Thousands More At Risk Pre-K Students Enrolling Than First Expected

RALEIGH, N.C. (AP) -- North Carolina officials carrying out Gov. Beverly Perdue's directive to expand the state's pre-kindergarten program say another 4,000 at-risk 4-year-olds could enroll very soon, rather than the 1,000 first expected.

Health and Human Services Secretary Al Delia said Friday the higher number came after counties were surveyed about classroom space and waiting lists. Delia's agency is now examining exactly where children could enroll next month.

Perdue announced last week she would shift $20 million in funds to enroll 6,300 children in the program this school year. The governor said she's obligated because of a court ruling.

Delia's office said part of the money could come from foster care services and a program to pay for medicine for people with AIDS, but no services would be cut and sources could change.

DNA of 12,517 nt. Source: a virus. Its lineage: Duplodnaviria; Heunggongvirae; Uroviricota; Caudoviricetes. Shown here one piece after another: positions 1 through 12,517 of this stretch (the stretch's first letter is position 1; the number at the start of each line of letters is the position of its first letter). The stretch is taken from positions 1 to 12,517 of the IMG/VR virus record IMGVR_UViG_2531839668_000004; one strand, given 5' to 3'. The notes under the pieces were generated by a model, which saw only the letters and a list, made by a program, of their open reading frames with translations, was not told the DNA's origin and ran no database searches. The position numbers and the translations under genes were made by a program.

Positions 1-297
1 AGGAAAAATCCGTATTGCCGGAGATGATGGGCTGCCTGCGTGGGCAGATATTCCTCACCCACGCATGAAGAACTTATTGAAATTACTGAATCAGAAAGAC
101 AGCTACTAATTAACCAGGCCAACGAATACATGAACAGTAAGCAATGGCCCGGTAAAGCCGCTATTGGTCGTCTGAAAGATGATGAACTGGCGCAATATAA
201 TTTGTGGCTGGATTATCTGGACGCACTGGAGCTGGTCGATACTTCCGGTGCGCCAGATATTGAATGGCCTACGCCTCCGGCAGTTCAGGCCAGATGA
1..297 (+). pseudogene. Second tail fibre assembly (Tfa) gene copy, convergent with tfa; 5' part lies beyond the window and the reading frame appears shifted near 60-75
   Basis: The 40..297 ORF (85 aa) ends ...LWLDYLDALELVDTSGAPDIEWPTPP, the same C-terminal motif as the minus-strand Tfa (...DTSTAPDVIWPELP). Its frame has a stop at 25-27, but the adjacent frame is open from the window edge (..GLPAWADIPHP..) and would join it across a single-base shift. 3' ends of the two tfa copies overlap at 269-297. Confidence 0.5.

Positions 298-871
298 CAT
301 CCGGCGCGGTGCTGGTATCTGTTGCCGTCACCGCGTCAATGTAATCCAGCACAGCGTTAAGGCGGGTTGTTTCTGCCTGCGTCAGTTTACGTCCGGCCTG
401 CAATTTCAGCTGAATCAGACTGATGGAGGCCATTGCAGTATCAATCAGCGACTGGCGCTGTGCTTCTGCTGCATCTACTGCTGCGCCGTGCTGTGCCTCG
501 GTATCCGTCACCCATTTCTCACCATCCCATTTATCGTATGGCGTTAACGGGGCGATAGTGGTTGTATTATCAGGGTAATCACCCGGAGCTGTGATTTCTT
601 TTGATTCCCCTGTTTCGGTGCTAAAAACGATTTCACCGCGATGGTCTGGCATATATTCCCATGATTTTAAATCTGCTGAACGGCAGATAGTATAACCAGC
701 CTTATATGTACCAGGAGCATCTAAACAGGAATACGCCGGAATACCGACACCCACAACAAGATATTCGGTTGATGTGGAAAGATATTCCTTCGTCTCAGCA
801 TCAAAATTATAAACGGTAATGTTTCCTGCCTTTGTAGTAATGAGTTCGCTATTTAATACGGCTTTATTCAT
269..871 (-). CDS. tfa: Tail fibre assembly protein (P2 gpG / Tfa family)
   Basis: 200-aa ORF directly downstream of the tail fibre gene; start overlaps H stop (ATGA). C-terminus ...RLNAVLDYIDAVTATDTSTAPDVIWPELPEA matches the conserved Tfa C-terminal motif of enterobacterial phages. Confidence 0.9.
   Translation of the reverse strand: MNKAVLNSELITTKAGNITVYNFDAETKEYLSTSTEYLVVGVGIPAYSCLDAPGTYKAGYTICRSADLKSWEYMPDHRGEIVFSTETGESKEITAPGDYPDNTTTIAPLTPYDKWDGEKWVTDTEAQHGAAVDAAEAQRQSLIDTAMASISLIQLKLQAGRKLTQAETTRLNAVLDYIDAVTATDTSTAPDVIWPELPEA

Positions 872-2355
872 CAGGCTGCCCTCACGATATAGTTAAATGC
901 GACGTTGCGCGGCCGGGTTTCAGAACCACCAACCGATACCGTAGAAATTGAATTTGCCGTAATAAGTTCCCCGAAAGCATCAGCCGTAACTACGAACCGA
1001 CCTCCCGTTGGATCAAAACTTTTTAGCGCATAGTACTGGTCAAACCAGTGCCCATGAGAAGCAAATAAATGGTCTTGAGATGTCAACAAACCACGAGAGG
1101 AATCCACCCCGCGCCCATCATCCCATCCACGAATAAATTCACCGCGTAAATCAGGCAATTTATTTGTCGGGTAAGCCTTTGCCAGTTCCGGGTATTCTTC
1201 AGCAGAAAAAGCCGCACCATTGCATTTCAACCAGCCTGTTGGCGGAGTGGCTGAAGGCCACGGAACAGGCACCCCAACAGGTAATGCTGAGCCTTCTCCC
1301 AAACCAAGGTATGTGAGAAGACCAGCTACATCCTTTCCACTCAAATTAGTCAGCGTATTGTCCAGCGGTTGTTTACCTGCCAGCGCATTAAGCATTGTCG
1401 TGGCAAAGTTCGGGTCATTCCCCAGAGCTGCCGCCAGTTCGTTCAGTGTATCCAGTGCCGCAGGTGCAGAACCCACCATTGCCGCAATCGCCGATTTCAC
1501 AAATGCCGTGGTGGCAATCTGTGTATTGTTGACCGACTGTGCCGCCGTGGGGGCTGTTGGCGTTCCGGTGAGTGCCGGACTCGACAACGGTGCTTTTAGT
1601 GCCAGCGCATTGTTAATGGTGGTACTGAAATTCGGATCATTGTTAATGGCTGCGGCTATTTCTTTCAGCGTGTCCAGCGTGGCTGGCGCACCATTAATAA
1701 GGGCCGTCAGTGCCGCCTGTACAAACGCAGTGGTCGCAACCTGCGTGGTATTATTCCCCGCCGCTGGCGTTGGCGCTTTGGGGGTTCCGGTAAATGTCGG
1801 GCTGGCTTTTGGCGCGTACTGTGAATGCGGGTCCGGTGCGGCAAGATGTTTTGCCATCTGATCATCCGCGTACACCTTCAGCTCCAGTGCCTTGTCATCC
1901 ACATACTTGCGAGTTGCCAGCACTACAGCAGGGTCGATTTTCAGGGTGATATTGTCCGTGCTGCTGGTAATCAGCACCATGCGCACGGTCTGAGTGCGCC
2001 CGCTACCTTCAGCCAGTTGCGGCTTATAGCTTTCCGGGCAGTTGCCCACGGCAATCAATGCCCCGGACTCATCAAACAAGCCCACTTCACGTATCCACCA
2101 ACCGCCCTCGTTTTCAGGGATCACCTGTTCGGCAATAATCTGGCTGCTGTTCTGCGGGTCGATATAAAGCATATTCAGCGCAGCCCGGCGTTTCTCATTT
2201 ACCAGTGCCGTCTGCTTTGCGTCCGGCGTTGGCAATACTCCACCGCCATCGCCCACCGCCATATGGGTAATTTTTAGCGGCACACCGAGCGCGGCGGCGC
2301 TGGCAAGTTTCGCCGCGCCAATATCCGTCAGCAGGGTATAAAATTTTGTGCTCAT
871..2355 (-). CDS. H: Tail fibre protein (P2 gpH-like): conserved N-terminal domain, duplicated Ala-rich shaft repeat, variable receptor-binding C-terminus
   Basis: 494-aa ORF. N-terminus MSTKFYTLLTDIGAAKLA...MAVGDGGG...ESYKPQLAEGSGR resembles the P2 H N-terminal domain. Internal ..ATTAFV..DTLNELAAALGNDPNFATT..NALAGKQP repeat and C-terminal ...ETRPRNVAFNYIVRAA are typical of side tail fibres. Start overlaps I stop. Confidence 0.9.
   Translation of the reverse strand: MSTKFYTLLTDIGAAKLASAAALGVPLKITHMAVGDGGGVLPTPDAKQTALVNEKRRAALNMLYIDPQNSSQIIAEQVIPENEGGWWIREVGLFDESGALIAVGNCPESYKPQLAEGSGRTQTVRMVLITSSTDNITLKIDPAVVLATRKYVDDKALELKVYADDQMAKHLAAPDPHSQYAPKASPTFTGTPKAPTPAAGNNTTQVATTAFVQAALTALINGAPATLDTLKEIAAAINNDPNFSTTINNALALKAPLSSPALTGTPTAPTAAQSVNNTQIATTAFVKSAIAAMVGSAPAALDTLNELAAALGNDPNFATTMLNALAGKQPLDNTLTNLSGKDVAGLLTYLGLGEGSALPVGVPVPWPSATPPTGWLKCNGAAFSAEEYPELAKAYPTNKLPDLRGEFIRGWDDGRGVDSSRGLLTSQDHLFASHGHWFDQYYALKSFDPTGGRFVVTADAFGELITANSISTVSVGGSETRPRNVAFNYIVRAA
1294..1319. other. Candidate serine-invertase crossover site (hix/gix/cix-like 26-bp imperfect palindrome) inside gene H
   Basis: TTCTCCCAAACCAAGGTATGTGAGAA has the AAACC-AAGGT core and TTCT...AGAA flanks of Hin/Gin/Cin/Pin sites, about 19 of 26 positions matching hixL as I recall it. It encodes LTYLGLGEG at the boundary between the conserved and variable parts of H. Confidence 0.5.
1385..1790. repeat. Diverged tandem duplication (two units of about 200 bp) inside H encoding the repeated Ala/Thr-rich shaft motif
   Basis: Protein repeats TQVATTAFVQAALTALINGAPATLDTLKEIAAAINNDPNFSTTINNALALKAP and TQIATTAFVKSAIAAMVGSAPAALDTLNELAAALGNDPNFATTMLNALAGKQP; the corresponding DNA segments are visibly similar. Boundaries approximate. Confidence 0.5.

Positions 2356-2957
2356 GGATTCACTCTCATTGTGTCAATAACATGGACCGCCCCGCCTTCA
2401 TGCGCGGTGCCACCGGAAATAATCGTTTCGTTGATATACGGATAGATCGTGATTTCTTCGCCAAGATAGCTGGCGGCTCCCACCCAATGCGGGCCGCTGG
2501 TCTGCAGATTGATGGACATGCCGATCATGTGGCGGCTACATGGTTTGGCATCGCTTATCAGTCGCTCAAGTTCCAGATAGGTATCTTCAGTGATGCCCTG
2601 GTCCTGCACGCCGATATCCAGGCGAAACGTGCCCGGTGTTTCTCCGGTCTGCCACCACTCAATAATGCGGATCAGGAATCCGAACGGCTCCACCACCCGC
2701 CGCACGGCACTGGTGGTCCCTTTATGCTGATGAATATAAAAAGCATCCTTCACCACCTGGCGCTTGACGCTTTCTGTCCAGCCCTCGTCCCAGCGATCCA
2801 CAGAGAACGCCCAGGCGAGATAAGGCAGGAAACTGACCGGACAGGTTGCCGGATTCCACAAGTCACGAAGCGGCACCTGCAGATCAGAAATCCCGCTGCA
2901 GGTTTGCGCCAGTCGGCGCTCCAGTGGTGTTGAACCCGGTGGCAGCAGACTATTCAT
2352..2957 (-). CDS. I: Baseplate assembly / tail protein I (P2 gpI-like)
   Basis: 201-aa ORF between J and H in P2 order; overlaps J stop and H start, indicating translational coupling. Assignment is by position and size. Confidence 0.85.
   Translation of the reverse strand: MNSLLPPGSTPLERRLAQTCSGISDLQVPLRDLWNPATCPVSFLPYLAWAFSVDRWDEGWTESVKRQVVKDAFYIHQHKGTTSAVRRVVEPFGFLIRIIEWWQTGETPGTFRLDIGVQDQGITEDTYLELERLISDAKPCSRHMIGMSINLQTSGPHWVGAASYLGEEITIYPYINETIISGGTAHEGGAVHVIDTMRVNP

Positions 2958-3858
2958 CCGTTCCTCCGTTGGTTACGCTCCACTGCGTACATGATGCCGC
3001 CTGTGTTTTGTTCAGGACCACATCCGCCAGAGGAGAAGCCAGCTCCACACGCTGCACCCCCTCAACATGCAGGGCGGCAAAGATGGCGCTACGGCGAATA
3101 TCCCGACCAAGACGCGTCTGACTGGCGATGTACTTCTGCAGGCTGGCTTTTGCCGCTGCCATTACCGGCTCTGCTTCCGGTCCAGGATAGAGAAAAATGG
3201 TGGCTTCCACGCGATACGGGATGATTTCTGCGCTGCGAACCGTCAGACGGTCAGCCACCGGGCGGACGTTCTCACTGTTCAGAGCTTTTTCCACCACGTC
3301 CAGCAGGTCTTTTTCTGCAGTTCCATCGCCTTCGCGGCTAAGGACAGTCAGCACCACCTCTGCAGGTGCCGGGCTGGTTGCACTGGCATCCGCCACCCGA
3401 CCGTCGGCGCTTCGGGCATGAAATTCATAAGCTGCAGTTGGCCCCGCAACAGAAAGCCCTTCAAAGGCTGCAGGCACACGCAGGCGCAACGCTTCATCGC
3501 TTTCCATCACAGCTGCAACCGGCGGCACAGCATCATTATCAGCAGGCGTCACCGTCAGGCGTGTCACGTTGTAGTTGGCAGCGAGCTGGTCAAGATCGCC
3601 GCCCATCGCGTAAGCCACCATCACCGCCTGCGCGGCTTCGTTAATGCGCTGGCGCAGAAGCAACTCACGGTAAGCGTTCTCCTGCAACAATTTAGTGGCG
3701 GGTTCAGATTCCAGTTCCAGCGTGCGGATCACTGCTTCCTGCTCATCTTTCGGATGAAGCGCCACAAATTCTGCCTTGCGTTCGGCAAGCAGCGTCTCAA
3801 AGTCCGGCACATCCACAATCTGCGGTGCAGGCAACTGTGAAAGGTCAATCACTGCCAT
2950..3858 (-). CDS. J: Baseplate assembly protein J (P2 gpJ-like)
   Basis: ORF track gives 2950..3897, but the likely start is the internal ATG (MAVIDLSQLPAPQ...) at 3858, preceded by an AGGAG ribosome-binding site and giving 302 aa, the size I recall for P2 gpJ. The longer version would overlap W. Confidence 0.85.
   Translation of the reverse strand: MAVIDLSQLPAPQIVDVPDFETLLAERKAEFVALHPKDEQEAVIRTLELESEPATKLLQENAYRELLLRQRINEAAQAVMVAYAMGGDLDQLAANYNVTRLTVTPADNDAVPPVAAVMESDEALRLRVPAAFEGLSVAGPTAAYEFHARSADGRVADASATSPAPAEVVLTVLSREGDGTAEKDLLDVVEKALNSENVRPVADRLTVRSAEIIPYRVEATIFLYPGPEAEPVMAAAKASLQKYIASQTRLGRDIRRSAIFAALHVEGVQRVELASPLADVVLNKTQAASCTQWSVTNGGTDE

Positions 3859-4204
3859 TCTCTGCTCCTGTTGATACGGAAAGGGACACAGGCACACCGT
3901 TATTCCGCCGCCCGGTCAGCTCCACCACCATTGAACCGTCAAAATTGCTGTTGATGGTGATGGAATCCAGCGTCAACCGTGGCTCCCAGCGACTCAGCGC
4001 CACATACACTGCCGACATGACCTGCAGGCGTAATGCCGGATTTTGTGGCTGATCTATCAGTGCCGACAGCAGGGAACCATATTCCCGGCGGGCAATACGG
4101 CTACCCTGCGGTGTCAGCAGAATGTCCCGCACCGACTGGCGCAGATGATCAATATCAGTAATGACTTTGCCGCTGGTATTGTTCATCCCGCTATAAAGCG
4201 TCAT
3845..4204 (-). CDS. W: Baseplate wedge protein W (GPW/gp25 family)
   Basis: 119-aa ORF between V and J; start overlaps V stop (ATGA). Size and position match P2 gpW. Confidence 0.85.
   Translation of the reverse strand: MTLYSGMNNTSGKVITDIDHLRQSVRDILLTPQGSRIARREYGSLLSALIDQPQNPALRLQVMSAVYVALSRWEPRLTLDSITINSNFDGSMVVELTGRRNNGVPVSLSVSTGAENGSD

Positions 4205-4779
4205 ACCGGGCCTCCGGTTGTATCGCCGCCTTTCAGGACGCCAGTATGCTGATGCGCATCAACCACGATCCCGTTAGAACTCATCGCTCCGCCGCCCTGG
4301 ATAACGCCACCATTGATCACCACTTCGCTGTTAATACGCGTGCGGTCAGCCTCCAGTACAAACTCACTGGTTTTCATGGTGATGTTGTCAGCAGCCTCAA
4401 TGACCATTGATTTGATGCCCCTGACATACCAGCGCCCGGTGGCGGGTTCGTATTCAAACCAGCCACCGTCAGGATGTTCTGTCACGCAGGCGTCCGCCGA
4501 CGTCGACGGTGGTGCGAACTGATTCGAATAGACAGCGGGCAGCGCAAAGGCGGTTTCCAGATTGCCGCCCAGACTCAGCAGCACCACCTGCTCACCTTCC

Gov. Beverly Perdue is moving again into disputed territory with the Republican-led Legislature, shifting $20 million to accommodate up to another 6,300 youngsters by January in the state's pre-kindergarten academic enrichment program.

Perdue said Thursday she is reallocating projected spare funds.

A state appeals court ruled nearly two months ago that any at-risk 4-year-old whose parents seek admission to the North Carolina Pre-Kindergarten program must be admitted. The court stopped short of requiring a sharp expansion of the program to include every needy child.

Republicans lawmakers cut funding by 20 percent and renamed the program previously called More At Four. GOP leaders said they wanted to appeal this summer's court ruling.

Spokesmen for the top Republican lawmakers did not immediately respond to requests for comment.

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